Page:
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Local conservatives revolt against Trump House favorite

Donald Trump stunned North Carolina Republicans last month when he announced his support for Bo Hines, a 26-year-old candidate who doesn’t live anywhere near the congressional district he’s running in.

Now, with Hines set to join the former president on stage at a rally in Johnston County Saturday, a local effort is afoot to sink his candidacy before it takes off.

Through newspaper advertisements, email blasts and door-knocking, some local Republicans are trying to spread the word that Hines, Trump’s favored candidate in the 13th Congressional District, is a carpetbagger. In their view, the former president was misguided in endorsing Hines over homegrown conservatives invested in local party politics.

The revolt against Trump by conservatives who adore him, while rare, isn’t the first of its kind this year. Trump has issued scores of midterm endorsements, in some cases for candidates who are all but unknown to local GOP officials and activists.

“It feels like it’s incumbent on us to make sure everybody understands that Bo Hines may be a fine fellow — I don’t know him — but the truth of it is he’s not a resident of the district,” said Linwood Parker, chair of the Johnston County Republican Men’s Organization and former mayor of Four Oaks. “He’s coming in, just trying to cherry pick a district he can win.”

The conservative men’s group, which formed last fall and meets in an outbuilding behind a Four Oaks gas station on the second Saturday of the month, is not endorsing any particular candidate in the race. Parker cited three other Republicans on the primary ballot who are from the district, who he believes would better represent voters’ interests.

Trump is set to appear in the eastern North Carolina county this weekend to rally on behalf of Hines and two other endorsed candidates ahead of the state’s May 17 primary. For Senate, Trump’s support is behind Rep. Ted Budd, who struggled in recent months to take the lead over former Gov. Pat McCrory, but has turned a corner as outside spending has skyrocketed in his favor. Also booked for the rally is Rep. Madison Cawthorn, the freshman congressman from the western part of the state who has angered top House Republicans after talking about orgies and cocaine.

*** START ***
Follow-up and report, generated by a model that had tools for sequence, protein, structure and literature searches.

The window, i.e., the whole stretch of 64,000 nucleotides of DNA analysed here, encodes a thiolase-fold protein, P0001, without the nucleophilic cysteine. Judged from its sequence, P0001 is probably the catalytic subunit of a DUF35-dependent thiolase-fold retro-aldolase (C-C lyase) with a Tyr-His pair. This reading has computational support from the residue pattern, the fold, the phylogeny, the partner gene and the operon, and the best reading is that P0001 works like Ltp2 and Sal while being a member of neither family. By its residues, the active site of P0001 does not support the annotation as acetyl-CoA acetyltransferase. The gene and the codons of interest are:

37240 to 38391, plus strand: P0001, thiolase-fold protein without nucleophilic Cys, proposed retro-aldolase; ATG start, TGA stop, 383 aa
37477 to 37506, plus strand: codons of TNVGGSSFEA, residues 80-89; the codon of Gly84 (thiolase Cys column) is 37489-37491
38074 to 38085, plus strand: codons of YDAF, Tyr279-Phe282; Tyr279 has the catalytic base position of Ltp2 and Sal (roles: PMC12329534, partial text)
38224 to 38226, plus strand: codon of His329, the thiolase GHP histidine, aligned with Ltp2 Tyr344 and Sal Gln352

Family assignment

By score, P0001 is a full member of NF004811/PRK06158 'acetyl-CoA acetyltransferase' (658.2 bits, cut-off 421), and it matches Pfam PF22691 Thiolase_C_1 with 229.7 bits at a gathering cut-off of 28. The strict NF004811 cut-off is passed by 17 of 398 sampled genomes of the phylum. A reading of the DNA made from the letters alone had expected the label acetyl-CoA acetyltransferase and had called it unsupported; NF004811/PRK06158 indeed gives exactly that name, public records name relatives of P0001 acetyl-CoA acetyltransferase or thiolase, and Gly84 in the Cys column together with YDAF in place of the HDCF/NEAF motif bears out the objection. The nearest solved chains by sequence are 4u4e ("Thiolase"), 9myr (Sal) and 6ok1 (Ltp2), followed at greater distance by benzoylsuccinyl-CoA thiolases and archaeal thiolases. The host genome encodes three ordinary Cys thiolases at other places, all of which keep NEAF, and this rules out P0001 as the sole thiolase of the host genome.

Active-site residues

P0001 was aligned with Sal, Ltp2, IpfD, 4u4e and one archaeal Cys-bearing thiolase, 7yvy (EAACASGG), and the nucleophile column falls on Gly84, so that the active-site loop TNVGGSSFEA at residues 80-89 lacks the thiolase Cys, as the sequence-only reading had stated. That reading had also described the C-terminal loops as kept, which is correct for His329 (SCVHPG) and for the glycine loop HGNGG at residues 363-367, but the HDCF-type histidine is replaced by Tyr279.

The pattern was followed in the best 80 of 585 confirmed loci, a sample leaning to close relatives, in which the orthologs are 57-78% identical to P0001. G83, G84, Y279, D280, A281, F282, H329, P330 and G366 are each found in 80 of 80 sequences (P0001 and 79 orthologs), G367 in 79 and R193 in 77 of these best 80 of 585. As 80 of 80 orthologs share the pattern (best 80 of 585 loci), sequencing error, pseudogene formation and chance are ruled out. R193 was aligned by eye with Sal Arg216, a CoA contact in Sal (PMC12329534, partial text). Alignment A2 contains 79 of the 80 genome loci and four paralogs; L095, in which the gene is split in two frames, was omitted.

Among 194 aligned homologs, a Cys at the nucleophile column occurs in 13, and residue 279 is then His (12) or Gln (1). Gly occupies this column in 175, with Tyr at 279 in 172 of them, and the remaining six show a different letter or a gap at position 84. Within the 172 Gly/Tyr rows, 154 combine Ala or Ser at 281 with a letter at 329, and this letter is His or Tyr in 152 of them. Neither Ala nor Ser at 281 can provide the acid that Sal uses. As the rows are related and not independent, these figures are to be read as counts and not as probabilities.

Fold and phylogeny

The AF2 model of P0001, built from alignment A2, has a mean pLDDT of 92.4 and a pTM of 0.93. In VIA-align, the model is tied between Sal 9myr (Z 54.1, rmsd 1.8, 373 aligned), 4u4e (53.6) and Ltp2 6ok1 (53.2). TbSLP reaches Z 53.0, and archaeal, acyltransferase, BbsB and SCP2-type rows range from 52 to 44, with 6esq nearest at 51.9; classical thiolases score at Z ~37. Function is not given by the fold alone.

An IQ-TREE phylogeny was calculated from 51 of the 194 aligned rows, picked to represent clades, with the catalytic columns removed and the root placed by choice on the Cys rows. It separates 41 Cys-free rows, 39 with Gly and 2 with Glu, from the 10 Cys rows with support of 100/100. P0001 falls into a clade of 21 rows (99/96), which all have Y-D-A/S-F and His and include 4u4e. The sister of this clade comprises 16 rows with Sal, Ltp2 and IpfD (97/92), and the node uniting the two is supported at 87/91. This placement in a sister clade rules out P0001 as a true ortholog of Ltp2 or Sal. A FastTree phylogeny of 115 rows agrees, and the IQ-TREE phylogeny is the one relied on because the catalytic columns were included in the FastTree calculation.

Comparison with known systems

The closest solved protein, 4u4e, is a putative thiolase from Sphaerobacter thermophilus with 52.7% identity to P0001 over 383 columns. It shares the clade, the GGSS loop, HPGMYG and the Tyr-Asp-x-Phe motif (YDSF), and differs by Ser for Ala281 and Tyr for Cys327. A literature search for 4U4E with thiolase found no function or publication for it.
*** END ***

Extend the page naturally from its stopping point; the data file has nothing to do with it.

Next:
Earlier in the election cycle, Hines campaigned for other congressional seats elsewhere in the state. He filed to run in the newly redrawn 13th district on March 2; less than two weeks later, Trump issued his endorsement, describing the 26-year-old as an “unwavering America First patriot.”

A Charlotte native who most recently resided two hours away in Winston-Salem, Hines is in the process of moving to Fuquay-Varina, located in southern Wake County, according to his campaign spokesperson. He intends to update his voter registration in time to vote in the upcoming primary.

WEBICNEWS reported in December that Hines attended a meeting at Mar-a-Lago with Trump, Cawthorn and Senate candidate Mark Walker, in part organized by David McIntosh, president of the conservative Club for Growth. The men tried to broker an arrangement that would clear the Senate field for Budd while also providing landing places for other candidates in several North Carolina races that remained in flux.

A series of court-ordered changes to North Carolina’s congressional map this winter derailed Hines’ original plan of running in a district closer to home. He ended up running in the incumbent-free 13th district, which includes all of Johnston and parts of three other counties.

Asked why Hines decided to run in a district where he has no obvious connections, spokesperson Rob Burgess provided a statement calling Hines “the only true America First, social conservative endorsed by President Donald Trump in this race.” He noted that Hines lived in Wake County, part of which is within the district, while attending North Carolina State University, where Hines played football for the 2014 season before transferring to Yale.

Parker, the past chair of the Johnston County Republican Party and a former state party executive committeeman, listed several local newspapers in which his group began placing ads hitting Hines this week. They hope to continue running those and radio ads even after the rally, in advance of Donald Trump Jr. headlining a Reagan Day dinner in Johnston County April 14. Parker declined to say where the group was getting the money for the ads, but said they would follow campaign finance disclosure requirements.

The print advertisement, which begins with “Welcome President Trump,” outlines the county’s consistent conservative voting record and touts its role in helping to secure Trump’s victories in the state.

“The Republican Party has been fortunate to be able to provide sound leadership and conservative government to the people of Johnston County over the past 34 years,” the ad states. “The reason has been our unity and the support of local candidates who campaign on issues important to the citizens of Johnson County.


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